4.3.1 Benefits of Kinship Care -- 4.3.2 Challenges or Risks associated with Kinship Care -- 4.4 The Relationship between Kinship Care and Foster Care -- 4.4.1 The Relationship between Kinship Care and Foster Care: General Background -- 4.4.2 The Relationship between Kinship Care and Foster Care: African Context -- 4.5 Framework for Delineating Kinship Care Models and Their Intersections with Foster Care in the Child Protection System -- 4.5.1 Private Kinship Care -- 4.5.2 Informal Kinship Care -- 4.5.3 Formal Kinship Care -- 4.6 Conclusions -- 5 The Status of Kinship Care in Domestic Legislation and Linkages with Social Assistance Provisioning -- 5.1 Introduction -- 5.2 The Right to Alternative Care: Constitutional Provisions -- 5.2.1 Constitution of the Republic of South Africa (1996) -- 5.2.2 Constitution of the Republic of Namibia (1990) -- 5.3 Child-Specific Legislation: Focus on the Status of Kinship Care in relation to Foster Care -- 5.3.1 South African Children's Act (2005) -- 5.3.2 Namibia's Draft Child Care and Protection Bill (2012) -- 5.4 Kinship Care and Social Assistance -- 5.4.1 South Africa -- 5.4.1.1 The Child Support Grant (CSG) -- 5.4.1.2 The Foster Child Grant (FCG) -- 5.4.2 Namibia -- 5.4.2.1 The State Maintenance Grant (SMG) -- 5.4.2.2 The Foster Parent Grant (FPG) -- 5.4.2.3 The Short-Term Emergency Grant or Assistance in Kind -- 5.5 Conclusions -- 6 Conclusions and Recommendations -- 6.1 Introduction -- 6.2 Kinship Care: The Transition from a Traditional Family Environment to Alternative Care -- 6.2.1 Kinship Care: Status in International and Regional Law and Policy -- 6.2.2 Kinship Care: Conceptualisation as Alternative Care -- 6.3 Kinship Care: Status in National Legislation and Policy -- 6.3.1 Kinship Care: Comparisons with Foster Care -- 6.3.2 Kinship Care: Social Assistance Provisioning -- 6.4 Recommendations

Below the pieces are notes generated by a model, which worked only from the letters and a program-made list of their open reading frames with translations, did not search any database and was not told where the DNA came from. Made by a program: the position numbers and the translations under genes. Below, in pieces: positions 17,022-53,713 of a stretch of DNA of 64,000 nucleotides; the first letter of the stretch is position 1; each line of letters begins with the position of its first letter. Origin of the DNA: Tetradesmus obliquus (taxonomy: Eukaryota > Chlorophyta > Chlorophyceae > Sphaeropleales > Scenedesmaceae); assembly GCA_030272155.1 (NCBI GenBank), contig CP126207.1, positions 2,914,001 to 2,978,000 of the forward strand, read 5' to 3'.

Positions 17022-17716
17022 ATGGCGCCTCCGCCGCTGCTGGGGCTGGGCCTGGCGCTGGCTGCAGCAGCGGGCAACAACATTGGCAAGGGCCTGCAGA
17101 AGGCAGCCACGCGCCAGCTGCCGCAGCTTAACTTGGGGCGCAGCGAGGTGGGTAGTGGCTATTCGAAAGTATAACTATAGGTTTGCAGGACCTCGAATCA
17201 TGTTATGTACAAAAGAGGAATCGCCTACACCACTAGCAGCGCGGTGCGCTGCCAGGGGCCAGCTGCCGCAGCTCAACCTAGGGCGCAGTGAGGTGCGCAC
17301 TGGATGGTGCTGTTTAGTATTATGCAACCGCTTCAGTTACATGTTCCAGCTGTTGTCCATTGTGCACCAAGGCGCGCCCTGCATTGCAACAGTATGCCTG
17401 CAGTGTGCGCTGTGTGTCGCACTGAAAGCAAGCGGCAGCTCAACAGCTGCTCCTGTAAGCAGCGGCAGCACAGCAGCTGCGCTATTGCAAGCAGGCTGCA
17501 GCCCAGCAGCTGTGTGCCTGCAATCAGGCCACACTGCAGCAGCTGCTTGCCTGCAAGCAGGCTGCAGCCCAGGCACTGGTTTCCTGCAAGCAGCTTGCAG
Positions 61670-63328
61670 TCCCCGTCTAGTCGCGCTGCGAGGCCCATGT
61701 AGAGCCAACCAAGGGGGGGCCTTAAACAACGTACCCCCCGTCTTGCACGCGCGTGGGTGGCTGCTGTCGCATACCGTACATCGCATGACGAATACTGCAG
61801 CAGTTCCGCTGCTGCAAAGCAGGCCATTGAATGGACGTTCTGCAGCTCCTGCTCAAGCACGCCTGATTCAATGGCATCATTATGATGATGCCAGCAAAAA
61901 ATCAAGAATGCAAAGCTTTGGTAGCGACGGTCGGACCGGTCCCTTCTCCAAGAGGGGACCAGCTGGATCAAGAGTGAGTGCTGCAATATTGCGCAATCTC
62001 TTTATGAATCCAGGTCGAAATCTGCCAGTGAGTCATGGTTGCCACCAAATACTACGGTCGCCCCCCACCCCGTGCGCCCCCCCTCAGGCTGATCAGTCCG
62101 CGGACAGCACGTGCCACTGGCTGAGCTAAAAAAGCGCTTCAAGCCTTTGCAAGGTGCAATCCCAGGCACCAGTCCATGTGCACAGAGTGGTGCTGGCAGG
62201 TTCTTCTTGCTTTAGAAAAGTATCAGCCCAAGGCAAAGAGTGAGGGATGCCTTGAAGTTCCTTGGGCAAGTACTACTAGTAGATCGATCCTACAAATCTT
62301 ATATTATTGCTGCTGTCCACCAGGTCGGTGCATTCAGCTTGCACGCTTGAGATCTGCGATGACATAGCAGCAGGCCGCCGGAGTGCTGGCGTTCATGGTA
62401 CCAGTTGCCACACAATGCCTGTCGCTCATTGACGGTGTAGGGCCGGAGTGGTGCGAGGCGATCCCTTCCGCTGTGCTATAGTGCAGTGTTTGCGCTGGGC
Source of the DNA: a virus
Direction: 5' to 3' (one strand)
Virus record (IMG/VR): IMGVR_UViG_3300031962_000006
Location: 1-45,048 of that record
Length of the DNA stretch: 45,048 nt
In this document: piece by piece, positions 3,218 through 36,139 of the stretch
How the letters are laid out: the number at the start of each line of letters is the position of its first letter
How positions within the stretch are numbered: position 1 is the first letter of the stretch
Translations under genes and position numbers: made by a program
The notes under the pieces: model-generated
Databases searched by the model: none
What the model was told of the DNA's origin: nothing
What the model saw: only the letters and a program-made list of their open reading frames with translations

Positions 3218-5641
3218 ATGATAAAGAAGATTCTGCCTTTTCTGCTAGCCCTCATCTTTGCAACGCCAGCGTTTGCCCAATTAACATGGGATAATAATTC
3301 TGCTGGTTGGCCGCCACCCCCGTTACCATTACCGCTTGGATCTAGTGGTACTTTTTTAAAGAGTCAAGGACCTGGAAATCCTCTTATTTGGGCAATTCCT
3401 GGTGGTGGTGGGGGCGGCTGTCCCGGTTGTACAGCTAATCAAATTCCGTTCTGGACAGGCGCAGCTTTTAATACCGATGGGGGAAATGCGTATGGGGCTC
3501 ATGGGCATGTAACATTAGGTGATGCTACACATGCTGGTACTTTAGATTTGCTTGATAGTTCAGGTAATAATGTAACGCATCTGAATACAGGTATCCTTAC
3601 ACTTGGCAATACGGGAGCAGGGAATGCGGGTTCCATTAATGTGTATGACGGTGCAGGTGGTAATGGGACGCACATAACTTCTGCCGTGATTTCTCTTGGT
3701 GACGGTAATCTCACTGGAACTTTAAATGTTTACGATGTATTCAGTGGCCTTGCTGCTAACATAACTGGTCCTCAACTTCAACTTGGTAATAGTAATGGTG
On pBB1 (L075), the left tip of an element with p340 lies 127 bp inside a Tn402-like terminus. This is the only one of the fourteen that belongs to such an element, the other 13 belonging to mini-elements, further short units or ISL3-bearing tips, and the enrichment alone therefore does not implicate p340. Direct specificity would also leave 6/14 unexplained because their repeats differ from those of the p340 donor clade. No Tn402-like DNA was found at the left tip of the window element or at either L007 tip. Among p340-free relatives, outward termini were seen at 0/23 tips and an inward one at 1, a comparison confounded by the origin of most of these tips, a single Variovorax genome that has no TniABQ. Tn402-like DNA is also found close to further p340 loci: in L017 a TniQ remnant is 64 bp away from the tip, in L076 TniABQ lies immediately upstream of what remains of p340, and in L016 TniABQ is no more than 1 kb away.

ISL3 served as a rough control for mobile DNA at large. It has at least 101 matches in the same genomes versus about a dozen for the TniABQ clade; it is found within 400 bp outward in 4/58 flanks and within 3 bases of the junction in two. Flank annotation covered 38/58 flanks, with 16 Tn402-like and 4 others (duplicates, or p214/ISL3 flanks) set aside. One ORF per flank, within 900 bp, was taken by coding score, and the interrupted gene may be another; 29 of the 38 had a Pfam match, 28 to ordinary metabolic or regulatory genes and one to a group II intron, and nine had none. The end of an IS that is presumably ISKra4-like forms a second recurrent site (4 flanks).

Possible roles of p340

6.4.1 The Roles of the CRC Committee and the ACERWC -- 6.4.2 The Role of States Parties -- 6.4.3 Further Research and Data-Based Interventions -- 6.5 Final Remarks -- Bibliography -- About the Author
The Comparative African Legal Studies series aims to profile research in the fields of children, youth, families, gender, disability, education, and socio-economic rights. It focuses on contemporary issues in African development, with human rights as a backdrop. In an era in which growing numbers of children face orphanhood, this volume could not be more relevant. It explores the legal and human rights dimensions of kinship care, the preferred alternative to parental care in the African context. With increasing debates and controversies around child care forms, such as foster care and the ever-growing need for State support, it becomes critical to determine whether kinship care is indeed alternative care or not. The book offers a unique coverage of the subject matter in a manner that is sophisticated, well informed, and balanced. (Series: Comparative African Legal Studies - Vol. 1)
Description based on publisher supplied metadata and other sources
Electronic reproduction. Ann Arbor, Michigan : ProQuest Ebook Central, 2020. Available via World Wide Web. Access may be limited to ProQuest Ebook Central affiliated libraries
Link Print version: Maria Assim, Usang Understanding Kinship Care of Children in Africa : A Family Environment or an Alternative Care Option? The Hague : Eleven International Publishing,c2015 9789462364967
Subject Kinship care.;Foster children -- Services for.;Foster children -- Family relationships
Electronic books